Everyone is reporting today how Pres. Medvedev changed Russia’s WTO entry strategy yesterday at his G8 press conference, with hundreds of English-language articles already published on the subject, even more than in Russian. Kommersant provided a good background to the whole issue. Remember that last month Putin announced that Russia was withdrawing its WTO bid, and would instead join as a member of a customs union with Kazakhstan and Belarus. This prompted a lot of acrimony from Western countries, and some saw it as a preemptive message strike against Pres. Obama on the eve of his first visit to Moscow, while others claimed it showed that Putin was still ‘in charge’.
Are Medvedev and Putin Playing Good-Cop, Bad-Cop?
Now, the Western press, the Financial Times for example, is quick to portray it as a ‘clash’ between Medvedev and Putin. But is this really the issue on which Medvedev is likely to proclaim his independence? I don’t think so. First, it’s important to point out that a majority of Russians do not even consider the WTO useful, much less an urgent priority. Second, from the elite perspective, there really aren’t many economic actors who are pushing for this, and in fact the prevailing trend is against WTO membership.
From the Western side, it is difficult to understand the anger at Russia for slowing WTO progress – the Doha Round of WTO talks has been underway since 2001[!] and the negotiations perennially devolve into shouting/finger-pointing contests (though this does sound like something Russia would enjoy). More important, Russia has been trying to enter the WTO since 1993[!!!], and every year the USTR and Minister of Trade trot out press releases claiming that agreement is ‘within reach’ and Russia should join ‘in the next year’. (Even more hilarious is Georgia – virtually all of this country’s exports go to Russia and yet it still occasionally tries to play spoiler of Russia’s WTO membership, despite the obvious benefits it would confer on Georgian exporters.)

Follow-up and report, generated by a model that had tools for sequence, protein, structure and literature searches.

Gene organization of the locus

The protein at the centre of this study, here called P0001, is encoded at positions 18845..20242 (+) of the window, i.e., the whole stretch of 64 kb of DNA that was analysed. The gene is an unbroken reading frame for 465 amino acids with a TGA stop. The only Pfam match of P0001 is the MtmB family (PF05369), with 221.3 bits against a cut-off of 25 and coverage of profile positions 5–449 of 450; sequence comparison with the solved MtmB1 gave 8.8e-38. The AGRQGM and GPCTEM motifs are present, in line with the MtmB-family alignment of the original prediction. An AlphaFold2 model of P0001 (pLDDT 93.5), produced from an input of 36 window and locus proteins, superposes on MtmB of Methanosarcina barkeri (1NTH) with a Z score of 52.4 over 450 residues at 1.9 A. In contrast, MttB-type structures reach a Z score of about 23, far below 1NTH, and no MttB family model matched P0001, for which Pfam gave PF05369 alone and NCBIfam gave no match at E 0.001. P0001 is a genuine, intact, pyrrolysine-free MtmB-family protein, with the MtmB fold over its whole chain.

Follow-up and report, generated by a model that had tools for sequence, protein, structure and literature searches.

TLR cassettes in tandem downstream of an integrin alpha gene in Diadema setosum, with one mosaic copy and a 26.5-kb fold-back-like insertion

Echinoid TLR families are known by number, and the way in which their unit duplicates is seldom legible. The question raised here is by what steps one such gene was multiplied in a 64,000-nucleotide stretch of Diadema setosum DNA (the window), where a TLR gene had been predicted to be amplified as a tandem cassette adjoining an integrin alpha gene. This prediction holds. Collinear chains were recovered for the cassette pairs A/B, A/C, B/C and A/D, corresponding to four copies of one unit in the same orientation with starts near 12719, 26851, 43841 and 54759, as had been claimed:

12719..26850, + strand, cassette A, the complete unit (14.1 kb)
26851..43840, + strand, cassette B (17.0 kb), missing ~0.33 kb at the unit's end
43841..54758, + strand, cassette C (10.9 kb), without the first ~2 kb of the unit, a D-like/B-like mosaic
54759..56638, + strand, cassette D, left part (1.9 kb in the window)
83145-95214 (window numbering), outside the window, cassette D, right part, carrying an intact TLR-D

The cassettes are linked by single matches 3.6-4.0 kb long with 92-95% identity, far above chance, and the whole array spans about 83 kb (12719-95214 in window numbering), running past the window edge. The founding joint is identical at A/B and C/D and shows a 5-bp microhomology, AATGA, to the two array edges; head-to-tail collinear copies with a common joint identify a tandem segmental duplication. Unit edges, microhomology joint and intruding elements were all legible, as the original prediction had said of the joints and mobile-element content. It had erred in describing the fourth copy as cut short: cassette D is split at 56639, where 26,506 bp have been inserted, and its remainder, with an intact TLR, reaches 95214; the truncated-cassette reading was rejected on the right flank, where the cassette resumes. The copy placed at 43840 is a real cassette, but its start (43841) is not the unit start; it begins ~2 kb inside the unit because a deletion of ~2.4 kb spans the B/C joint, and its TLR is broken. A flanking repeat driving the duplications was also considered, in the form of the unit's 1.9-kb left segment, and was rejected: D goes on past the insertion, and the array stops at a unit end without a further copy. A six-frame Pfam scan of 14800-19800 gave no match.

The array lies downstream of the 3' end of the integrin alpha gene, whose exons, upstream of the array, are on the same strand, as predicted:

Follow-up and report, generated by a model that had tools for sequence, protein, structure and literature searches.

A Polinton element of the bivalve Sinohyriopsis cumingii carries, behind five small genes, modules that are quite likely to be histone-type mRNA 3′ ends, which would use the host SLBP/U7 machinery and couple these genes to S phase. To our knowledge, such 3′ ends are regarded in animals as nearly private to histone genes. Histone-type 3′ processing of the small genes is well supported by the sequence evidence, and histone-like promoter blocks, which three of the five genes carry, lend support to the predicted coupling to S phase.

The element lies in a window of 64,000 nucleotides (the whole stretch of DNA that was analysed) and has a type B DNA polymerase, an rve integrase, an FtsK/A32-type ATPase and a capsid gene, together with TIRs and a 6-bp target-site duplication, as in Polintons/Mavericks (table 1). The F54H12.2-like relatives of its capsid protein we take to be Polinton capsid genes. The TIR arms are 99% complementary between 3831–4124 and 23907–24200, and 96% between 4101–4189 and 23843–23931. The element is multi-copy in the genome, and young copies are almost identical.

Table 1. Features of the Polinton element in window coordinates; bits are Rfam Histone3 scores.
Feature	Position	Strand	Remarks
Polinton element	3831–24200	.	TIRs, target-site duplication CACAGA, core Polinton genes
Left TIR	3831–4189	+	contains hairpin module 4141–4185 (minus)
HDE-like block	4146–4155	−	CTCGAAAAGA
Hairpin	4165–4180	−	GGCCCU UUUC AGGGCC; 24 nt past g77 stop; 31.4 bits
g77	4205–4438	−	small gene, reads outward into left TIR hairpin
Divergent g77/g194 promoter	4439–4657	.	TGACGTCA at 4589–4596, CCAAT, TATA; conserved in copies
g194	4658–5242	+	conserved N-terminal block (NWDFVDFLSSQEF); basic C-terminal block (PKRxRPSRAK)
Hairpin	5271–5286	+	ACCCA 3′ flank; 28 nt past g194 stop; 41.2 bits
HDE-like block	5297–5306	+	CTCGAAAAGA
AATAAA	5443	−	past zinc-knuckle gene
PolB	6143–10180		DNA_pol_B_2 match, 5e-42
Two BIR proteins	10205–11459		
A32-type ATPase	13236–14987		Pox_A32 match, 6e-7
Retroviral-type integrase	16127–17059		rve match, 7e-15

The reality is that Russia’s WTO accession is much more valuable to each side as an agenda item than as an accomplishment. For historical reasons, every single issue of US-Russia relations is linked to a broader whole, with the effect of equating pork exports to ICBMs. Thus, if Russia actually joined the WTO, there would be one less bargaining chip for each side in negotiations.
And this brings us back to today’s news – what did Medvedev do? All he did was reverse a not-quite-month-old policy that was a stupid idea to begin with. What it looks like is that mean PM Putin dashed the WTO dream and nice Pres. Medvedev rescued it. But really, nothing happened, and we are simply back to the status quo that has existed for 16 years. Meanwhile, Russia gets credit for ‘giving something up’ when it hasn’t given anything – all they gave up on was a strategy that they knew wouldn’t work in the first place (Belarus!!).
To simplify it into a cliche, Putin and Medvedev played a bad-cop, good-cop routine that resulted in a [rare] Kremlin PR victory. The only remaining questions concern the practical impact – I highly doubt/hope that Obama did not give anything up for Medvedev’s purported ‘acceptance’ of our position. On the U.S. side, perhaps this will spur a legislative effort to repeal Jackson-Vanik, as this issue was put on hold after Russia announced the customs union idea.
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